|Published : 15 Mar 2017, 20:57:20|
Accidents at flyover construction site
Frequent accidents, some of those of similar nature, causing deaths and injuries at the construction site of the Maghbazar-Malibagh flyover is a clear indication of gross compromise with safety rules on the part of the construction companies. Even a High Court (HC) order issued last year could not move the builders to take adequate safety measures. Monday night saw the worst accident there involving the collapse of a girder, in which one construction worker was killed and an engineer, along with a driver of a concrete mixer truck, was injured. Both of them ended up with losing a leg following operation in a hospital. When a girder as long as 36-metre and as heavy as 70 tonnes come crashing at the time of pulling it up or placing on piers 20-metre high, construction authorities must, of necessity, follow the maximum precaution and all possible safety rules and regulations listed in the civil engineering manual.
Clearly, the responsible companies have failed to do so. For this is not the first time that a girder has fallen. Another girder fell during its installation last month. Fortunately, no one was injured or killed then. This is no guarantee that every time a girder fall will be casualty-free. Last month's girder collapse should have put them on high alert but it is evident that the men responsible for safety of life at the site have not learnt any lesson from such accidents. These are accidents with the potential danger of annihilating a far greater number of lives. A girder collapse at Bahaddarhat, Chittagong killed at least 13 people and left scores injured. Also the fall of heavy iron rods on a construction worker from the flyover killed a construction worker. When such events occur repeatedly, they are no more accidents but plain murder. The HC took cognisance of the matter not for nothing. For the construction companies, however, the old habits die hard.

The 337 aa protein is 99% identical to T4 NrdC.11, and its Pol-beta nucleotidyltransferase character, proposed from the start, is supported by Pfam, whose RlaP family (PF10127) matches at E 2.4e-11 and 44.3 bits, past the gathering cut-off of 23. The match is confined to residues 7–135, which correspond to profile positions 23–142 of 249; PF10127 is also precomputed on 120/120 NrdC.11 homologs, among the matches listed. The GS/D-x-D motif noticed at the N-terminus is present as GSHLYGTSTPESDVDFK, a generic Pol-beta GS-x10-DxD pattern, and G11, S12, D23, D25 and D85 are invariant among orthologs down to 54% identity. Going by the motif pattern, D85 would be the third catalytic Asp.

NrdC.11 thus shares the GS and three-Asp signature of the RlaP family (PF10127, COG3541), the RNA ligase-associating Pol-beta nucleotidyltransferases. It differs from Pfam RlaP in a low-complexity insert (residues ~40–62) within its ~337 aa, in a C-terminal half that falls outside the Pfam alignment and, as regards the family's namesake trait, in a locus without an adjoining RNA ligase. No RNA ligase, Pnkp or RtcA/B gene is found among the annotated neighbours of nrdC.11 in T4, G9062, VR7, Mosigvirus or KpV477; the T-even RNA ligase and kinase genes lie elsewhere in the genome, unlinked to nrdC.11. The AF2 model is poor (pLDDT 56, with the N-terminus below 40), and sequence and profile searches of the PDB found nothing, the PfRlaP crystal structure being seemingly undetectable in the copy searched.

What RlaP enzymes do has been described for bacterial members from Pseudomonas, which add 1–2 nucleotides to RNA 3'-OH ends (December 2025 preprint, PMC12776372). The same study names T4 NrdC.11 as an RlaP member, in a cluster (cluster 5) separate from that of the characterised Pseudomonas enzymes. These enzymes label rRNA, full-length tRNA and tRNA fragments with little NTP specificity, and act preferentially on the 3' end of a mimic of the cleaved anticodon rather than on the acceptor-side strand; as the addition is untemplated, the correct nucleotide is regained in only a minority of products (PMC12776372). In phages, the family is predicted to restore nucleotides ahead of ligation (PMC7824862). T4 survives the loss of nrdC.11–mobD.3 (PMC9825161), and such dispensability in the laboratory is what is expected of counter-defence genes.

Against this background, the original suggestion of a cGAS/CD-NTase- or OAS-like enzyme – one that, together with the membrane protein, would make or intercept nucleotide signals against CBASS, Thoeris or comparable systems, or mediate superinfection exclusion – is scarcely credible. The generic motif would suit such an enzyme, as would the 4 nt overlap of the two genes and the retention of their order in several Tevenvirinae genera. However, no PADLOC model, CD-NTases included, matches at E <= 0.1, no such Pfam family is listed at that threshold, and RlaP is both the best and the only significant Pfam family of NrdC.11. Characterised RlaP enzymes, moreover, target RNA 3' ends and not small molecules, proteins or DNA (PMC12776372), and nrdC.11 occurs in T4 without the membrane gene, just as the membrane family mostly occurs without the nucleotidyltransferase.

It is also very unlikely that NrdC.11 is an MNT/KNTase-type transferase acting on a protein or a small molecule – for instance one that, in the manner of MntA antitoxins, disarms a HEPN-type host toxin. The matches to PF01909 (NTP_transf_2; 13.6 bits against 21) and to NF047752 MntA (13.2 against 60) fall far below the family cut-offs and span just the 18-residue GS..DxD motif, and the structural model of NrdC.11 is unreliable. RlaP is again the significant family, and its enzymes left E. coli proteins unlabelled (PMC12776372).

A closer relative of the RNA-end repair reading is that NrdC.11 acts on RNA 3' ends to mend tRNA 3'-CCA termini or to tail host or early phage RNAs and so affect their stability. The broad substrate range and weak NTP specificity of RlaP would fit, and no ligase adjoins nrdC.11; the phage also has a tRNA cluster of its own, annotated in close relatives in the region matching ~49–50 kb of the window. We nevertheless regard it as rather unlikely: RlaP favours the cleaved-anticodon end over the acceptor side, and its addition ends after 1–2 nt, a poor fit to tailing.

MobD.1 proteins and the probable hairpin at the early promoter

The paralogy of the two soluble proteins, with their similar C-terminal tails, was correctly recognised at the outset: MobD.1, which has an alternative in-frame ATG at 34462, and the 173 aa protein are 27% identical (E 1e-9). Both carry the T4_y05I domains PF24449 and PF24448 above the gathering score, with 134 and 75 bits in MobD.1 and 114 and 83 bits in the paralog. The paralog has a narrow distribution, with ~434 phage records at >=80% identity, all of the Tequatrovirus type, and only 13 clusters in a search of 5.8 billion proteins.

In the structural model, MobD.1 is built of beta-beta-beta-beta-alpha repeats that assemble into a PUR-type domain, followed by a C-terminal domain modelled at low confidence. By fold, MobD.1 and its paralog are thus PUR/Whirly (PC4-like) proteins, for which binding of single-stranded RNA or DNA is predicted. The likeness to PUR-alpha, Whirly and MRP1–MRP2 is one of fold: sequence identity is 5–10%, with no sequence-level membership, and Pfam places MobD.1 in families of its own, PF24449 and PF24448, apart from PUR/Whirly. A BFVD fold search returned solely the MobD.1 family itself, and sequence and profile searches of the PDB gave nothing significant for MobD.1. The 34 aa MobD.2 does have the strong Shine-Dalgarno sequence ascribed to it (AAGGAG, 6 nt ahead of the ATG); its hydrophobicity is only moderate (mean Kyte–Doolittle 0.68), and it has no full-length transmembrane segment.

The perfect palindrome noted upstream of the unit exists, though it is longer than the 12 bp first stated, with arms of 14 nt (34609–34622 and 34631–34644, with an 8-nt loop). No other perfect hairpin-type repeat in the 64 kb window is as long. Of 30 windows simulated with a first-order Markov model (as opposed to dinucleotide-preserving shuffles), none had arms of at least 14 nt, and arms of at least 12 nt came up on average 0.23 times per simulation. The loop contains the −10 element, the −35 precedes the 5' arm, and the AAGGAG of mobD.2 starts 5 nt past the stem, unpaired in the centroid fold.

In fact, many of their moves and performances are suspect right from the beginning. Not only have they failed to maintain work schedule, their repeated rescheduling has led to extra expenditure for the exchequer. Even a gross design mistake was detected halfway. There are even complaints that the descending points at the Satrasta and Maghbazar end have been completed abruptly without the provision of gradual elevation. This, some allege, cause accidents. That a prison van and a bus turned turtle at those points may corroborate the fact. But this may as well be the fault of drivers. Expert opinions would be required to confirm whether there is a faulty design at those points. If confirmed, vehicles using the flyover will always run the risk of meeting with accidents.
Since the builders of the flyover have not paid heed to the HC order, they should be held accountable for the culpable crime. The loss of life is not deduction of a number. In this country, accidents are not always accidents because many of those are avoidable. There is not much difference between a casual approach to safety rules and regulation and committing a murder. No monetary compensation is enough for life that perishes because of others' negligence. Yet such compensations can at least save a family from utter ruination. So there is need for punishing the responsible for such murders so that the punishment becomes a deterrent on the one hand, and making them pay as much compensation as possible to the families of the victims, on the other.